The unexamined demon has such power – that’s why I think we mustn’t be squeamish about it and it will be extremely difficult but we’ll be better for it.
By Jasper Lindell, Woroni
Australia needs to have a ‘difficult’ conversation about the effect of race in its politics, says writer and journalist David Marr, who spoke at the ANU College of Law this week about his new Quarterly Essay.
The White Queen: One Nation and the Politics of Race, which shows that One Nation voters are different to how they are usually portrayed in the media, relies heavily on the Australian Election Study, led by Professor Ian McAllister at the ANU.
Marr’s essay demonstrates that One Nation voters are almost exclusively born in Australia, identify predominantly as working class, but have not been left without jobs as a result of globalisation. More One Nation voters live in cities than in the bush and they are rarely university educated. Over 80 per cent of One Nation voters want to see immigration levels cut.
Marr said that ‘the commentary and the reality don’t completely square’.
He said that One Nation voters are nostalgic for a White Australia. ‘And it’s not even clear what epoch they’re nostalgic for. It’s kind of their own childhood mixed up somehow with their parents’ married life.
‘There is this vague appeal to an Australian way of life where one thing was certain: Australia was white,’ he said.
Marr argued that the element of race in Australian politics, if left undiscussed, would continue to have great power.
‘I’m intrigued by the fact, that racism, that hostility to Aboriginal Australia, which is still very strong, is not exploited politically. Or is only exploited by absolute masters of the art of race politics.
‘We have given a kind of respectability to the fear of Islam that we have not conferred on distaste for Aboriginal Australia,’ he said.
‘I think we have to find a way of having [a conversation about race in politics], otherwise the situation is going to continue to be exploited by people who wish to distort the values of our national politics, rather than have out what this country really feels on questions of race.
‘The unexamined demon has such power – that’s why I think we mustn’t be squeamish about it and it will be extremely difficult but we’ll be better for it,’ he said.
Speaking to Woroni before his talk at the Phillipa Weeks Staff Library on Tuesday, Marr said he agreed that political journalism and political science should interact more often.
‘Over the water there is Parliament House and there’s a whole discourse going on in Parliament House about the nature of politics in Australia. Over here on the other side of the water, at the ANU, there’s an academic study of precisely the same questions and they’ve got the figures,’ Marr said.
‘And it’s fascinating. The figures are amazing. The figures are just amazing.’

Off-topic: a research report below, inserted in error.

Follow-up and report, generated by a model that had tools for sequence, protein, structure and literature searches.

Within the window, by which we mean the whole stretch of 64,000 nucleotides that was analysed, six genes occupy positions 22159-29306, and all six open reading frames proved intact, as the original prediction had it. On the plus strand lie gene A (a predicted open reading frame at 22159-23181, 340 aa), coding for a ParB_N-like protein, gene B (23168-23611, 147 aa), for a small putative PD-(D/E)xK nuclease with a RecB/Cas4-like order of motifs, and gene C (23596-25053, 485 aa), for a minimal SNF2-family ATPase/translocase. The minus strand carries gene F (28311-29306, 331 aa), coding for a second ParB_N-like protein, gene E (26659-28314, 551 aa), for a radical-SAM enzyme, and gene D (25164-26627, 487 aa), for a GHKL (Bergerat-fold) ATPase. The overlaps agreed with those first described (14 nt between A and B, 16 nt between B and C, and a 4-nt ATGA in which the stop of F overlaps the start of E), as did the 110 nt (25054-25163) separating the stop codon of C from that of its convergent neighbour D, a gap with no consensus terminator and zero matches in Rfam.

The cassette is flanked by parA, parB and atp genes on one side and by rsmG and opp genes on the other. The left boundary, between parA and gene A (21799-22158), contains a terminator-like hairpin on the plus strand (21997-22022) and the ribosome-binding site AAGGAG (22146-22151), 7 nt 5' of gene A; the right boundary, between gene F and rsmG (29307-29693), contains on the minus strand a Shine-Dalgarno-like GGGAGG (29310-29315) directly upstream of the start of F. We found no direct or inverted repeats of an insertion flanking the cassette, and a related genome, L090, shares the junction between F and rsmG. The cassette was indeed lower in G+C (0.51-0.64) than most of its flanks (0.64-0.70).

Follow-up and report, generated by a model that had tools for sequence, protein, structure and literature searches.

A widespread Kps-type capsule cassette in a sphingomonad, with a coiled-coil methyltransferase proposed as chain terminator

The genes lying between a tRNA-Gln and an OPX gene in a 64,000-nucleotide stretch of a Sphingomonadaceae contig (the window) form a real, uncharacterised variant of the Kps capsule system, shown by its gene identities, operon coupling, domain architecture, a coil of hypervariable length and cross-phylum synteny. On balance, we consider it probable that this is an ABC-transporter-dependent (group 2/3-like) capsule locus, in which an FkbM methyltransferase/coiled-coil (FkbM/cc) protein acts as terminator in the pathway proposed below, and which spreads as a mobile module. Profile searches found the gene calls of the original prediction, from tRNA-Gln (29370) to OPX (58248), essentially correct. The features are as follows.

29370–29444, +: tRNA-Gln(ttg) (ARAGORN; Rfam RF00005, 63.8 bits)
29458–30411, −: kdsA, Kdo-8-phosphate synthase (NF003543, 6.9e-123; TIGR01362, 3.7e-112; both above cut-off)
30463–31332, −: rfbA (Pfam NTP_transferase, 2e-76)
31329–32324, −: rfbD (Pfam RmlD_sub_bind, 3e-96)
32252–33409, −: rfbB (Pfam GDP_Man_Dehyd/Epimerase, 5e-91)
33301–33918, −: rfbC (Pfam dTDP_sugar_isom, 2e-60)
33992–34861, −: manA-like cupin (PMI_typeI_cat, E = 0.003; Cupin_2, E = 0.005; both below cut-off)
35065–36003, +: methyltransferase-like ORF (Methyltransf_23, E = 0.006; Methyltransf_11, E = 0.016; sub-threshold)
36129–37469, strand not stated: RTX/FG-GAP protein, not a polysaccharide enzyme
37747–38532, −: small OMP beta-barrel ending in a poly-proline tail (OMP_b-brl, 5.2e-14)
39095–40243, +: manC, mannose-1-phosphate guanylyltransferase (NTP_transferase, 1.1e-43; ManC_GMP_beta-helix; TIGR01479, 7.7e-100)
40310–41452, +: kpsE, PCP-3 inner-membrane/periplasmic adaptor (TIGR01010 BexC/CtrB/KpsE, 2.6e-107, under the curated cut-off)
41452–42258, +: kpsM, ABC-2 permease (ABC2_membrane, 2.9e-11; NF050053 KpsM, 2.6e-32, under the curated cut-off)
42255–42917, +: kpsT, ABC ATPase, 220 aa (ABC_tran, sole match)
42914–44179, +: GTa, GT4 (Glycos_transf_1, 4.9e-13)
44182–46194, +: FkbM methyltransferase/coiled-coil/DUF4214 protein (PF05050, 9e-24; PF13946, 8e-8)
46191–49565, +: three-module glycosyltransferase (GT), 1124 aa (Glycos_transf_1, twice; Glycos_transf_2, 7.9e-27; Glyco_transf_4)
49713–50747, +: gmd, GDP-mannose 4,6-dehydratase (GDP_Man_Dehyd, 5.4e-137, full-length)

Marr noted the ‘generosity’ of Professor Ian McAllister in providing and explaining the data from the Australian Election Study, and praised the other Australian academics who assisted with the essay.
Invest in Education
Marr said that the solution to the ‘profound problems of Australian politics is to invest in education.’
He drew comparisons between the education levels of One Nation supporters and Donald Trump’s supporters in the US, while discrediting the view that Hanson is riding the same tide as populist right-wing movements internationally.
Hanson’s support base in Australia is often exaggerated, Marr said.
‘Hanson is used as a reason for stalling on progressive change, and if we go down, say, the equal marriage road, or if we address intelligently the problems of climate change or energy, there’s going to be this revolution from below and we’re going to be swept away by populist hordes who’ve come to despise elites.
‘That might be true in America, where Trump got 46 per cent of the vote, but Hanson at the moment is pulling eight per cent of the vote,’ he told the audience.
Marr is an animated speaker, who leans out of his chair to make points more profound while repeating variations on clauses to ensure everyone in the room knows exactly what he means.
Speaking to Woroni, Marr said that, even after 40 years as a journalist, he was still intrigued about the nature of the so-called Australian way of life.
‘I’ve spent a professional lifetime looking at, analysing, describing the Australian way of life, in one way or another – mainly it’s political life, sometimes it’s artistic life, sometimes other things – but I’m as mystified and thrilled as ever about what it is. It is so diverse and perverse and hard to define but strong to feel, all at the same time,’ he said.
This article was pirst published in Woroni and is reprinted here with permission.